The Unique Shitness of University Landlords

There is a special place in hell for landlords who exploit students who have yet to learn about tenancy rights.
Daisy Jones
London, GB
A pile of trash in someone's kitchen, photo by Chris Bethell
Photo: Chris Bethell

Let us imagine hell for a second. A bunch of former landlords are in there – we know that already. You can't rent out a damp box in Ealing Broadway for £950 and expect to not be going straight underground when you finally cork it. But look, lean in a little closer, and you might see another burning circle of hell within the circle that the regular landlords are in. That's where the British uni landlords go, because they are often even worse than regular landlords, and they subject students to hell while still on earth. 


The British uni landlord loves fees. They shag fees. The Tenancy Fee Ban may have come into effect in 2019 – meaning that estate agents can no longer charge random admin fees, leaving landlords to cover the costs – but that hasn't stopped landlords from getting their mitts on the cash in stealthier ways. Especially uni landlords, who love to charge students for weird shit like leaving one cigarette butt outside or having a small stain on a paper lampshade that you forgot to take photos of, as if that lampshade didn't cost £5 from Argos.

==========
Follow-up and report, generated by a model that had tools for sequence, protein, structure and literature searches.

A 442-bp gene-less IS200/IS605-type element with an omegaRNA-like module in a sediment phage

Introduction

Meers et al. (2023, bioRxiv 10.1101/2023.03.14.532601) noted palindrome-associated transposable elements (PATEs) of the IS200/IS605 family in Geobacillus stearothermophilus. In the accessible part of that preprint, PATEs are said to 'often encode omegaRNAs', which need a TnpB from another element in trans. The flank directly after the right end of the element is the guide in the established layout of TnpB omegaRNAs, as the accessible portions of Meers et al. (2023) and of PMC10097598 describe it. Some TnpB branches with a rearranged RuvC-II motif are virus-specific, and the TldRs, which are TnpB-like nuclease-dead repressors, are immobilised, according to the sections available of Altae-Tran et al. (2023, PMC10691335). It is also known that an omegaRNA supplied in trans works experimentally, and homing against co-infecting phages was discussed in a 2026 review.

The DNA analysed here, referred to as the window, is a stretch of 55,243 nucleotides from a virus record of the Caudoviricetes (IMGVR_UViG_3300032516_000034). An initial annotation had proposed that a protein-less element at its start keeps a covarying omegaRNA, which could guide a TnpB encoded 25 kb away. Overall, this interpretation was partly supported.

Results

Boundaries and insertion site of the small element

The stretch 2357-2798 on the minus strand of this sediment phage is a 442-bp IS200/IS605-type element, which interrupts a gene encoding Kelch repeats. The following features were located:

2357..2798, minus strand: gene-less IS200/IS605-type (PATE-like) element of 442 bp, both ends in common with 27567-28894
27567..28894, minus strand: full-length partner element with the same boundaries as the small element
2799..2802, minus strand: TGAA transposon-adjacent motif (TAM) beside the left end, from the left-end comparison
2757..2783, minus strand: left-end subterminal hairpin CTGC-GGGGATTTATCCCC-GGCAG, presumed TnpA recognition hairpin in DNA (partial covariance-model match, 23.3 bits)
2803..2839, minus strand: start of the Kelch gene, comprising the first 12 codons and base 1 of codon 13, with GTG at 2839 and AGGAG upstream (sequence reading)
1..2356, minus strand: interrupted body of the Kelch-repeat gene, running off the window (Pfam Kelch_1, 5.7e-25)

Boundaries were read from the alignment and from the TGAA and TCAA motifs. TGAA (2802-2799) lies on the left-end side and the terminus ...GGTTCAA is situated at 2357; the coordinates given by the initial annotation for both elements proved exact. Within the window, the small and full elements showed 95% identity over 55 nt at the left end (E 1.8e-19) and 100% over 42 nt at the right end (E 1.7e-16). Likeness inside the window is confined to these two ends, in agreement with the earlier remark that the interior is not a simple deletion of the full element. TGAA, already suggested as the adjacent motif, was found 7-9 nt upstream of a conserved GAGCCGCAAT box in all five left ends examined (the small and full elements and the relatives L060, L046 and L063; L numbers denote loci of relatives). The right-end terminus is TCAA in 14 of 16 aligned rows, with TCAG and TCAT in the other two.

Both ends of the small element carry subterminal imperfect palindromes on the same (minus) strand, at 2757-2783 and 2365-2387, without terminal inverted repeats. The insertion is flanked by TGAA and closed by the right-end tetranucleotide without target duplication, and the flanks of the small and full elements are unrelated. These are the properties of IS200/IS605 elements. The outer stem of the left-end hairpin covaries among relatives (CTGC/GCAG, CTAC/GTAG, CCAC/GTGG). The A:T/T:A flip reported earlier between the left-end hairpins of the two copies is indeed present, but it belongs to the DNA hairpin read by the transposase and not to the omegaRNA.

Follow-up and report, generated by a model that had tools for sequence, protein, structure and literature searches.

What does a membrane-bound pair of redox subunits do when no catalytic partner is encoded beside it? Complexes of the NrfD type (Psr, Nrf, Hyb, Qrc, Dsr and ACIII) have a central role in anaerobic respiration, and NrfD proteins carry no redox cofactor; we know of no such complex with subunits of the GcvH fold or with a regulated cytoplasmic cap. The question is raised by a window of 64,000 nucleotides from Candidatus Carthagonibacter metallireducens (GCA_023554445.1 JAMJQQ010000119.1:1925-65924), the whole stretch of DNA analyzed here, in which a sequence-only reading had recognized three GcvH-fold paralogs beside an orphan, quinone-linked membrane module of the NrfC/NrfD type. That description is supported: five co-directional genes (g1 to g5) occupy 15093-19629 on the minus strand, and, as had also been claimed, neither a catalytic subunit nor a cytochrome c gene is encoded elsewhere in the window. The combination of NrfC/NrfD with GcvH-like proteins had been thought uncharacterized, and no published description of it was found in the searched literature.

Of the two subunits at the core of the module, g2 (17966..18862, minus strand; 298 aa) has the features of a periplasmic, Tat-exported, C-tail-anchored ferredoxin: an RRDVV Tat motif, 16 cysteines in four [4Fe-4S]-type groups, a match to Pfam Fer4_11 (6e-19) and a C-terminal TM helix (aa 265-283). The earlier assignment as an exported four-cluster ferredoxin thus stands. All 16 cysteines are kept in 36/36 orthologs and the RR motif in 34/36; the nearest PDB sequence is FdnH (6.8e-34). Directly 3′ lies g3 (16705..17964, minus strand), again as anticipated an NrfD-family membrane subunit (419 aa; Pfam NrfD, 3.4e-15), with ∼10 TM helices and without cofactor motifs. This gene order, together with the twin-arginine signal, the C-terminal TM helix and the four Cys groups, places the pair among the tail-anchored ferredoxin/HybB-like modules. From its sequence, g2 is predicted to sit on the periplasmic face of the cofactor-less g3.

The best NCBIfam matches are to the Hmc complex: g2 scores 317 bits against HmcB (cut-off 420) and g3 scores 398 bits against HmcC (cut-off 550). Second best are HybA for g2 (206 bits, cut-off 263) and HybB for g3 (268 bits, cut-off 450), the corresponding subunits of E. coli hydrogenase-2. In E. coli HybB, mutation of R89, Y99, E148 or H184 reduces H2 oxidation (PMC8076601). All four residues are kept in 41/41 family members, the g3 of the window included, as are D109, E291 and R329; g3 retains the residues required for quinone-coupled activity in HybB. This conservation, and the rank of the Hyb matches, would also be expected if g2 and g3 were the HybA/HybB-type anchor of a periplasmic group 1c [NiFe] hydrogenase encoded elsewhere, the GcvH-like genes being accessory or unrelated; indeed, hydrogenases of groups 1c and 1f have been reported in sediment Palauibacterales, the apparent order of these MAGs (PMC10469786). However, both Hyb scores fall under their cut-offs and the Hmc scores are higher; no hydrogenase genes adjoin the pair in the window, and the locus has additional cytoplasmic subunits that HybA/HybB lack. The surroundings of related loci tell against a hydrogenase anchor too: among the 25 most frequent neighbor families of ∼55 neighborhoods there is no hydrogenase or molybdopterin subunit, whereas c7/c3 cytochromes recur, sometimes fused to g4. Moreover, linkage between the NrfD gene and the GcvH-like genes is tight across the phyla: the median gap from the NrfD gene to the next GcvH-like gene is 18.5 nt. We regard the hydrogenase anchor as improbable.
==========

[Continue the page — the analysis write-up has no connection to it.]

Uni landlords also love to cram their flats with the most cursed furniture possibly imaginable to cut costs: squeaky pleather sofas, a laminate flat-pack wardrobe that is always two jackets away from completely collapsing and curtains that are bright red and too short for some reason, like a headache made physical. This is because uni landlords know that you, as a student, are not going to complain because you need somewhere to live right now, because time is running out and all the flats are getting taken by rich kids who have two month's deposit gathering dust in their bank accounts. So, disgusting cheap and broken furniture it is then! 


When I asked around for people’s experiences with uni landlords, it didn’t take long for my inbox to fill up with hideous tales from across the country. Natalie Wall, 26, who studied at Durham University from 2017, tells me how her flat had “insane mould – my clothes, books, uni notes went mouldy – mushrooms growing in the bathroom, a broken window not fixed for over a month and black goo coming through a crack in my bedroom ceiling.”

“[The landlord] still persisted in trying to take hundreds of pounds off our deposit, despite the house actually being in better condition because of our constant efforts to clean and fix things,” she says.

Wall thinks uni landlords are often worse than regular landlords because it's easier to get away with exploiting students who can't afford to search for something better. “They have a constantly changing captive market of students who will always be in need of housing,” she explains.